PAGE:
Teaching Philosophy

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C.D.V. Philosophy  

C.D.V. stands for Control, Distance, and Velocity. TTS believes this is a natural and necessary progression in the learning curve.  Our approach to shot development follows these basic principles:  you must first establish control:  of your body, racket, stroke technique, and ultimately the ball; you then move on, using this established control, to regulate the distance:  of your body to the ball and how far the ball will travel for each shot selected; once these two skills are mastered you have the capacity to determine the needed velocity:  with which you strike the ball and impart to the ball,  using your personal parameters of control and distance attained through practice.  

Upon establishing a workable knowledge and understanding for these three primary requirements you will be able to create and use the necessary patterns which allow ultimately for success during competition.  

Movement Training  

TTS believes that movement training is of utmost importance.  Our specialized program is separated from our conditioning program to emphasize this importance.  Composed of sport specific movements that simulate the patterns used while in game situations, this ‘pattern running’ training is performed on court to create a superior learning environment.  Our intent is to produce maximum efficiency in movement by eliminating unnecessary foot and arm actions, thus creating more time for shot making.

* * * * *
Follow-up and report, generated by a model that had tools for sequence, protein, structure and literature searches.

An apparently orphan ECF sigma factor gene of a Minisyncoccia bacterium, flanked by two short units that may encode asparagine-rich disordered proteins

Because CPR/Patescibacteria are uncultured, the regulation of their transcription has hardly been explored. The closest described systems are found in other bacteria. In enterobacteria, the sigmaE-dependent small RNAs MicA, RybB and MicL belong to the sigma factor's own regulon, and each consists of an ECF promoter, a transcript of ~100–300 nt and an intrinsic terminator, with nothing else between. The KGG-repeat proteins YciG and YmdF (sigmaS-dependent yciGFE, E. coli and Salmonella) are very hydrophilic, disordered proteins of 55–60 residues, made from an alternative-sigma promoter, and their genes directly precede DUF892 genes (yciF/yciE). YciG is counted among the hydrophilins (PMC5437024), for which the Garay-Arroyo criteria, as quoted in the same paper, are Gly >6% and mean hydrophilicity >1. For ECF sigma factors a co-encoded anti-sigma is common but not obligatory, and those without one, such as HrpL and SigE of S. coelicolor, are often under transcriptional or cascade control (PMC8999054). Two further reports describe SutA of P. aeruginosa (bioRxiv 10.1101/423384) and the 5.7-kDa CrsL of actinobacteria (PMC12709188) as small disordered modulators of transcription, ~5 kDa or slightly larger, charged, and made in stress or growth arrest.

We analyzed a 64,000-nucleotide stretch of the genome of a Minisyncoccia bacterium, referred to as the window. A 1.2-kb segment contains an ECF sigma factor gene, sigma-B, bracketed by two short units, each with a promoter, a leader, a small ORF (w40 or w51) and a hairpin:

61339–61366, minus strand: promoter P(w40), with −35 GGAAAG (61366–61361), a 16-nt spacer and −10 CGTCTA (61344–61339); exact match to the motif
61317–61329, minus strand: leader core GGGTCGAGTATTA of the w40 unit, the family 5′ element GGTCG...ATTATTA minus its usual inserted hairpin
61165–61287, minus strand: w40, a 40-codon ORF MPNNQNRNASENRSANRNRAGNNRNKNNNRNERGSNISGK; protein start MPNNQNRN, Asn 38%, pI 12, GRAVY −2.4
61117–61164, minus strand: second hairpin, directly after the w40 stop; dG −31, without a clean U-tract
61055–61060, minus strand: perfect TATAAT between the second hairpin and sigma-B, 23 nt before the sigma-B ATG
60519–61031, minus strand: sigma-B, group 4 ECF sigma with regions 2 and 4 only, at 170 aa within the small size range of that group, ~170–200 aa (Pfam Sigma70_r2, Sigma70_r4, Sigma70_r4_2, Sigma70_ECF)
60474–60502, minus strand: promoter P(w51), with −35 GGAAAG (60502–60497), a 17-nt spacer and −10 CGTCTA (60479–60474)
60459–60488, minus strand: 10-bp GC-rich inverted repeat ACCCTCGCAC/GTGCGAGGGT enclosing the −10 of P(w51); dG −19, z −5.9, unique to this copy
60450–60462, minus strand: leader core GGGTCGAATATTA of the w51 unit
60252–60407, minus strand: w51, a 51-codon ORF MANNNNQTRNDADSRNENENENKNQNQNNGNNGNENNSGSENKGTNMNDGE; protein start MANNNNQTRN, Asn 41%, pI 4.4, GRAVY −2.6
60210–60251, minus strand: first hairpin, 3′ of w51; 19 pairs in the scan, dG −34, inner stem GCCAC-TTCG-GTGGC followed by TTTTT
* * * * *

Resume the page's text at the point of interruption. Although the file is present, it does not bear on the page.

These exercises have been compiled from one of the most successful player development programs in the world.  Henk Van Hulst and Alex Reijnders in Eindhoven, the Netherlands have developed a litany of players with this system:  Jacco Eltingh, Paul Haarhuis, Richard Krajicek, Jan Seimerink, Sjeng Schalken, and John Van Lottum to name a few…  On a continuing schedule Alex, Jacco, and Paul turn up at TTS facilities to personally guide our players through this training regimen and help with player development.  

Speed Training

TTS speed training exercises incorporate Randy Smythe’s internationally recognized sequence of learning speed:

1. Dynamic Flexibility: warming, flexing, and learning motions
2. Innervation: fast footwork, quick hands
3. Mechanics: technique, quality control of motions
4. Accumulation of Potential: leg drive down, power stride out
5. Explosion: starts, acceleration, top speed
6. Expression of Potential: use what you’ve learned, apply it to real bursts.